DB = postgres

CONFIG = postgres:///talerdemo

2.3.8. Coins (denomination keys)

Sections specifying denomination (coin) information start with coin_. By convention, the name continues with “$CURRENCY_[$SUBUNIT]_$VALUE”, i.e. [coin_eur_ct_10] for a 10 cent piece. However, only the coin_ prefix is mandatory. Each coin_-section must then have the following options:

  • value: How much is the coin worth, the format is CURRENCY:VALUE.FRACTION. For example, a 10 cent piece is “EUR:0.10”.
  • duration_withdraw: How long can a coin of this type be withdrawn? This limits the losses incurred by the exchange when a denomination key is compromised.
  • duration_overlap: What is the overlap of the withdrawal timespan for this coin type?
  • duration_spend: How long is a coin of the given type valid? Smaller values result in lower storage costs for the exchange.
  • fee_withdraw: What does it cost to withdraw this coin? Specified using the same format as value.
  • fee_deposit: What does it cost to deposit this coin? Specified using the same format as value.
  • fee_refresh: What does it cost to refresh this coin? Specified using the same format as value.
  • rsa_keysize: How many bits should the RSA modulus (product of the two primes) have for this type of coin.

2.3.9. Keys duration

Both signkeys and denom keys have a starting date. The option lookahead_provide, under section [exchange], is such that only keys whose starting date is younger than lookahead_provide will be issued by the exchange.

signkeys. The option lookahead_sign is such that, being t the time when taler-exchange-keyup is run, taler-exchange-keyup will generate n signkeys, where t + (n * signkey_duration) = t + lookahead_sign. In other words, we generate a number of keys which is sufficient to cover a period of lookahead_sign. As for the starting date, the first generated key will get a starting time of t, and the j-th key will get a starting time of x + signkey_duration, where x is the starting time of the (j-1)-th key.

denom keys. The option lookahead_sign is such that, being t the time when taler-exchange-keyup is run, taler-exchange-keyup will generate n denom keys for each denomination, where t + (n * duration_withdraw) = t + lookahead_sign. In other words, for each denomination, we generate a number of keys which is sufficient to cover a period of lookahead_sign. As for the starting date, the first generated key will get a starting time of t, and the j-th key will get a starting time of x + duration_withdraw, where x is the starting time of the (j-1)-th key.

To change these settings, edit the following values in section [exchange]:

  • SIGNKEY_DURATION: How long should one signing key be used?
  • LOOKAHEAD_SIGN: How much time we want to cover with our signing keys? Note that if SIGNKEY_DURATION is bigger than LOOKAHEAD_SIGN, taler-exchange-keyup will generate a quantity of signing keys which is sufficient to cover all the gap.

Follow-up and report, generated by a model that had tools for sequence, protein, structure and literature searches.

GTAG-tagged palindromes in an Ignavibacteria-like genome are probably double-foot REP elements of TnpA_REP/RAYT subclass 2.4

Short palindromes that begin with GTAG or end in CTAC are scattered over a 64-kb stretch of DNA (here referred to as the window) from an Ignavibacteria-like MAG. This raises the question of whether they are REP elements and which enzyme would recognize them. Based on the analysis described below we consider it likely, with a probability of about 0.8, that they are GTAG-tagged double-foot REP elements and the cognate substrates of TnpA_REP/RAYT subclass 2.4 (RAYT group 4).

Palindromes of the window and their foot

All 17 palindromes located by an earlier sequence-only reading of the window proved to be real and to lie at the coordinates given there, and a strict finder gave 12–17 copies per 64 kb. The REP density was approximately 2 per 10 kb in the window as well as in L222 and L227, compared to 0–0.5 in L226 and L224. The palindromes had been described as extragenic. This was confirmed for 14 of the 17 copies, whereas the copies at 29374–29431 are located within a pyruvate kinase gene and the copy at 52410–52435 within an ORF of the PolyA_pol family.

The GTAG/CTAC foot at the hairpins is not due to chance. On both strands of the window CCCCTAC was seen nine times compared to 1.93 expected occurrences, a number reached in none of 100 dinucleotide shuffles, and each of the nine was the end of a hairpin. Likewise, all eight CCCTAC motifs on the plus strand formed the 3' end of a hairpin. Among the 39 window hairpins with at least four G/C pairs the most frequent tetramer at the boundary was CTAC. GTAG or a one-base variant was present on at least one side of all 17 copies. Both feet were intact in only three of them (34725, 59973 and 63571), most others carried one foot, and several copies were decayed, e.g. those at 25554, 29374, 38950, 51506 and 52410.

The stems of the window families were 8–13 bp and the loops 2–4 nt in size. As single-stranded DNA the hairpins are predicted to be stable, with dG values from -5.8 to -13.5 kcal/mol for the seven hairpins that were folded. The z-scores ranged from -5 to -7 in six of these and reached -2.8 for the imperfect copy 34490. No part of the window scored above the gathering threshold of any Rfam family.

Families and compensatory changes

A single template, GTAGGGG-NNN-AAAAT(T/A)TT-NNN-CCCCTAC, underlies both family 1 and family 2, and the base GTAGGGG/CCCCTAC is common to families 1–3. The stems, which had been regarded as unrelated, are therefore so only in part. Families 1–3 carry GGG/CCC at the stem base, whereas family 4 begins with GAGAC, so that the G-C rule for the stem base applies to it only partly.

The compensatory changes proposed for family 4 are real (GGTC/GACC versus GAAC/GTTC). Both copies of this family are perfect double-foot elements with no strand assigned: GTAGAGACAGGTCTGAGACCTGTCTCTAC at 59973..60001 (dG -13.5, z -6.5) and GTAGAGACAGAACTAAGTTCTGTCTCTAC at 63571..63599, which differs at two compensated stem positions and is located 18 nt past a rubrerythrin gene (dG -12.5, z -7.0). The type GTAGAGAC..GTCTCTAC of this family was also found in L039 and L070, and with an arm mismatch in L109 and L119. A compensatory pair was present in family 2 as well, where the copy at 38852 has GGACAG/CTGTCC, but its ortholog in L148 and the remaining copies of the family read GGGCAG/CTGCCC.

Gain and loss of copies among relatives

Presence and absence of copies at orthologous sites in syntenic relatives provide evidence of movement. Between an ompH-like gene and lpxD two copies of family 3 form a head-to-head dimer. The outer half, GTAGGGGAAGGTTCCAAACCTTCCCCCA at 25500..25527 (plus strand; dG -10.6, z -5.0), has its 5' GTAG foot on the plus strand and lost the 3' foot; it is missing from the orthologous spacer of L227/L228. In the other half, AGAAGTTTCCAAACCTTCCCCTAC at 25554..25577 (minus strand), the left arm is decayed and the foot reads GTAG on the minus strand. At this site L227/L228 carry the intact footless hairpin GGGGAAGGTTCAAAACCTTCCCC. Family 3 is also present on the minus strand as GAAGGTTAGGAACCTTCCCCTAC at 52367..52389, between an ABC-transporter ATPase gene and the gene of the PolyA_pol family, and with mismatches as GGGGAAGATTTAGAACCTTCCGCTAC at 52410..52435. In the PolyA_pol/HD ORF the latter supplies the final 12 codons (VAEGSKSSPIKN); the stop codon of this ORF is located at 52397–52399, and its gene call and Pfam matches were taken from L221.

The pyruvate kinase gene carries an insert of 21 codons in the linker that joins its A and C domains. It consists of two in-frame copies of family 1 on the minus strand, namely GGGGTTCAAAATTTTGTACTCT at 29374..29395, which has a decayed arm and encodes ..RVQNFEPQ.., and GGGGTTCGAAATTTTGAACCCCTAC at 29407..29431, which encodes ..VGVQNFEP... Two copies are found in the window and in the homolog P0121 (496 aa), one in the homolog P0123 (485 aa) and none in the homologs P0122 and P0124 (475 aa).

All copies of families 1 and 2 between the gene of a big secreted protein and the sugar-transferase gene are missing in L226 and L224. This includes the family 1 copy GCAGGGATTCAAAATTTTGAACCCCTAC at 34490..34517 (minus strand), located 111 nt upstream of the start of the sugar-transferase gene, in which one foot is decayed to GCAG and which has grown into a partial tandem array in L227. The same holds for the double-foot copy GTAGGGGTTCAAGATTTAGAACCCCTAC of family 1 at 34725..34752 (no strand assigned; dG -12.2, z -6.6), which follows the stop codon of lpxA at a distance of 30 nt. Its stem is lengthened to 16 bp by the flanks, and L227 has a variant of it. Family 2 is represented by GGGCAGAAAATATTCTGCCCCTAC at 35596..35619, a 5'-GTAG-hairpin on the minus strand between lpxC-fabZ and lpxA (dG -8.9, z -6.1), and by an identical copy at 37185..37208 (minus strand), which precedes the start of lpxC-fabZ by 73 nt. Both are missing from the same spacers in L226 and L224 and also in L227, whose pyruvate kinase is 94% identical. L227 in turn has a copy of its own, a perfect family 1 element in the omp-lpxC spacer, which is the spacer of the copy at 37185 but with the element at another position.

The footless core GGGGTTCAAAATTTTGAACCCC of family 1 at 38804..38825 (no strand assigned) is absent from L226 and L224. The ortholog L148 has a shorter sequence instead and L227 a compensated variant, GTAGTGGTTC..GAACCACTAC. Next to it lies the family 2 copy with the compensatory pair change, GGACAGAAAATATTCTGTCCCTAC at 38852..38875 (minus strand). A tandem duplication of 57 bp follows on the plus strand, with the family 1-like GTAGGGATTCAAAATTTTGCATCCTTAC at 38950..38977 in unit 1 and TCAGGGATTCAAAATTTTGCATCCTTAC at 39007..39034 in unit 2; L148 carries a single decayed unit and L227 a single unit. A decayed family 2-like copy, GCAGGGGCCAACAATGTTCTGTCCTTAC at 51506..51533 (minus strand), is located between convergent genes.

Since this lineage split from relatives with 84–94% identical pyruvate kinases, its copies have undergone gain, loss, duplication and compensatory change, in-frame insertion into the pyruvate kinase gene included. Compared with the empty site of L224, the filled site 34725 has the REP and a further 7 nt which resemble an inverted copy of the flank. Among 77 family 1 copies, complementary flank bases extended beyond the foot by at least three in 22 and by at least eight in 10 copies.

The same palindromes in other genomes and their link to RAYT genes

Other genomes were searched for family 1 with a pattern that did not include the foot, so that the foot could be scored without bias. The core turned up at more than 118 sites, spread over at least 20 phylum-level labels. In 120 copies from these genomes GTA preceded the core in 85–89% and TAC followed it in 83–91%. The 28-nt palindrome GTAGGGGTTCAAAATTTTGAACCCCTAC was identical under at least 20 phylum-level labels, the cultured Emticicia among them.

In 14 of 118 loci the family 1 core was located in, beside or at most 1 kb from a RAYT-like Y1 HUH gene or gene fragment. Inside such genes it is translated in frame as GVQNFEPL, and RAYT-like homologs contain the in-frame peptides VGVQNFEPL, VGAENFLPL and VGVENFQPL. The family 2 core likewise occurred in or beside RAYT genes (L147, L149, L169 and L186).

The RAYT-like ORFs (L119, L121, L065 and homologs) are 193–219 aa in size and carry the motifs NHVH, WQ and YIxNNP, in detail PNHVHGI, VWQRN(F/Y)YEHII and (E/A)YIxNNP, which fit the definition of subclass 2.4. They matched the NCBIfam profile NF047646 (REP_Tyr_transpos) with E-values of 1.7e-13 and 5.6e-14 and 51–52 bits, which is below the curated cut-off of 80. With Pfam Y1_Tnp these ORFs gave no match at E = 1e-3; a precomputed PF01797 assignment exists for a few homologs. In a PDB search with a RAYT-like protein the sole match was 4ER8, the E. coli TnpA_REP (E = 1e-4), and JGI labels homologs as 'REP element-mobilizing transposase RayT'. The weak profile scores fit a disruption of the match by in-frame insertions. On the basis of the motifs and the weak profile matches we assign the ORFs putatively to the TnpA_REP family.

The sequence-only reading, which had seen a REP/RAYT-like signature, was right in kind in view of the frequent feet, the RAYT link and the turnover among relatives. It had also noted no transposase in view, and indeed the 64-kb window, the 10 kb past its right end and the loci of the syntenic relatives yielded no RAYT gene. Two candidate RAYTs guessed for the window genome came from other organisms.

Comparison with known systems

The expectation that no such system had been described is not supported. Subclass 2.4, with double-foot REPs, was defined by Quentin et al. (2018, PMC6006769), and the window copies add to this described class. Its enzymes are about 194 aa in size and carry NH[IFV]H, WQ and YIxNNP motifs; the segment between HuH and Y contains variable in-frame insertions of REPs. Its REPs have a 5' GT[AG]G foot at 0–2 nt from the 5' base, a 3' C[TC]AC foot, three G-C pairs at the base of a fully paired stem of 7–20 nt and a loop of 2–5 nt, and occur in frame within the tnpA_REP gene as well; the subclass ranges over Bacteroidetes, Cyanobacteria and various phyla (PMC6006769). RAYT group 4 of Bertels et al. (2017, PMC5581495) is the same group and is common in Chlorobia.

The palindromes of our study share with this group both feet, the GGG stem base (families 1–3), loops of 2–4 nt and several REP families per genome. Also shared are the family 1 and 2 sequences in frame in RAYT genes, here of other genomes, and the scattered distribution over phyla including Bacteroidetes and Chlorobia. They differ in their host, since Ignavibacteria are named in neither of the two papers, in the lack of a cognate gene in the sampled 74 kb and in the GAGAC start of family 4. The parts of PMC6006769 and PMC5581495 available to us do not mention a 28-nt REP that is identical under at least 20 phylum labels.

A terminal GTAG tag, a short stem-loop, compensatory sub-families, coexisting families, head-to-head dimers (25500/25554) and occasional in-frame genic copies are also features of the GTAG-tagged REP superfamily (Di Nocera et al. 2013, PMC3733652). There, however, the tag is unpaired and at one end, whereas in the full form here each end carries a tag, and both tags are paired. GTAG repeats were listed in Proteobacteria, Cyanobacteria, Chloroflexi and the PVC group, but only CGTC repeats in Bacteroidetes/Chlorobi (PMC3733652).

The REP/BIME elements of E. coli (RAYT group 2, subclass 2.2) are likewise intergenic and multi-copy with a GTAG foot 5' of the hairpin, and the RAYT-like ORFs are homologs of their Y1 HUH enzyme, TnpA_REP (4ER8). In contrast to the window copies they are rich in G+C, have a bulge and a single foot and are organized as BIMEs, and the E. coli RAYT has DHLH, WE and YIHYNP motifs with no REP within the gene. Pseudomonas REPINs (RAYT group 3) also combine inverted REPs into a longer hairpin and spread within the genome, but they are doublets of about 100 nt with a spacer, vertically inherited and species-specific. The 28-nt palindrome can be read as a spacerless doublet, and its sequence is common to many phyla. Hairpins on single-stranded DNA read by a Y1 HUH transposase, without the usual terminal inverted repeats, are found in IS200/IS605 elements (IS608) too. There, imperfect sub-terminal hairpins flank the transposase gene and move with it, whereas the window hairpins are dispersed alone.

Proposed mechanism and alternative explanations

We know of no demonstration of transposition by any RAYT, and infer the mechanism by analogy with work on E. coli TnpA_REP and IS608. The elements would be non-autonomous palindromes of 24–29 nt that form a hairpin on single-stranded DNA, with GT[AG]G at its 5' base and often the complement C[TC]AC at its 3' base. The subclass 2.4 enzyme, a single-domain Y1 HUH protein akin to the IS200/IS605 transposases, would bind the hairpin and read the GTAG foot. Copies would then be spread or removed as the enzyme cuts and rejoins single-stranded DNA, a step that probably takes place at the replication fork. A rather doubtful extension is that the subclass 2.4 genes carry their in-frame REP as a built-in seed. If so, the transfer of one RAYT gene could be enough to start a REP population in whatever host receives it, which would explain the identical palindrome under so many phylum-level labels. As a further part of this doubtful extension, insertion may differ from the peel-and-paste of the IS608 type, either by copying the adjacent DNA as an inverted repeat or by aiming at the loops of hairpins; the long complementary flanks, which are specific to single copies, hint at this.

2.3.10. Terms of Service

The exchange has an endpoint “/terms” to return the terms of service (in legal language) of the exchange operator. The wallet will show those terms of service to the user when the user is first withdrawing coins. Terms of service are optional for experimental deployments, if none are configured, the exchange will return a simple statement saying that there are no terms of service available.

To configure the terms of service response, there are two options in the [exchange] section:

  • TERMS_ETAG: The current “Etag” to return for the terms of service. This value must be changed whenever the terms of service are updated. A common value to use would be a version number. Note that if you change the TERMS_ETAG, you MUST also provide the respective files in TERMS_DIR (see below).
  • TERMS_DIR: The directory that contains the terms of service. The files in the directory must be readable to the exchange process.

The TERMS_DIR directory structure must follow a particular layout. First, inside of TERMS_DIR, there should be sub-directories using two-letter language codes like “en”, “de”, or “jp”. Each of these directories would then hold translations of the current terms of service into the respective language. Empty directories are permitted in case translations are not available.

Then, inside each language directory, files with the name of the value set as the TERMS_ETAG must be provided. The extension of each of the files should be typical for the respective mime type. The set of supported mime types is currently hard-coded in the exchange, and includes HTML, PDF and TXT files. If other files are present, the exchange may show a warning on startup.


A sample file structure for a TERMS_ETAG of “v1” would be:

  • TERMS_DIR/en/v1.txt
  • TERMS_DIR/en/v1.html
  • TERMS_DIR/en/v1.pdf
  • TERMS_DIR/de/v1.txt
  • TERMS_DIR/de/v1.html
  • TERMS_DIR/de/v1.pdf
  • TERMS_DIR/fr/v1.pdf

If the user requests an HTML with language preferences “fr” followed by “en”, the exchange would return “TERMS_DIR/en/v1.html” lacking an HTML version in French.

2.4. Deployment

This chapter describes how to deploy the exchange once it has been properly configured.

2.4.1. Keys generation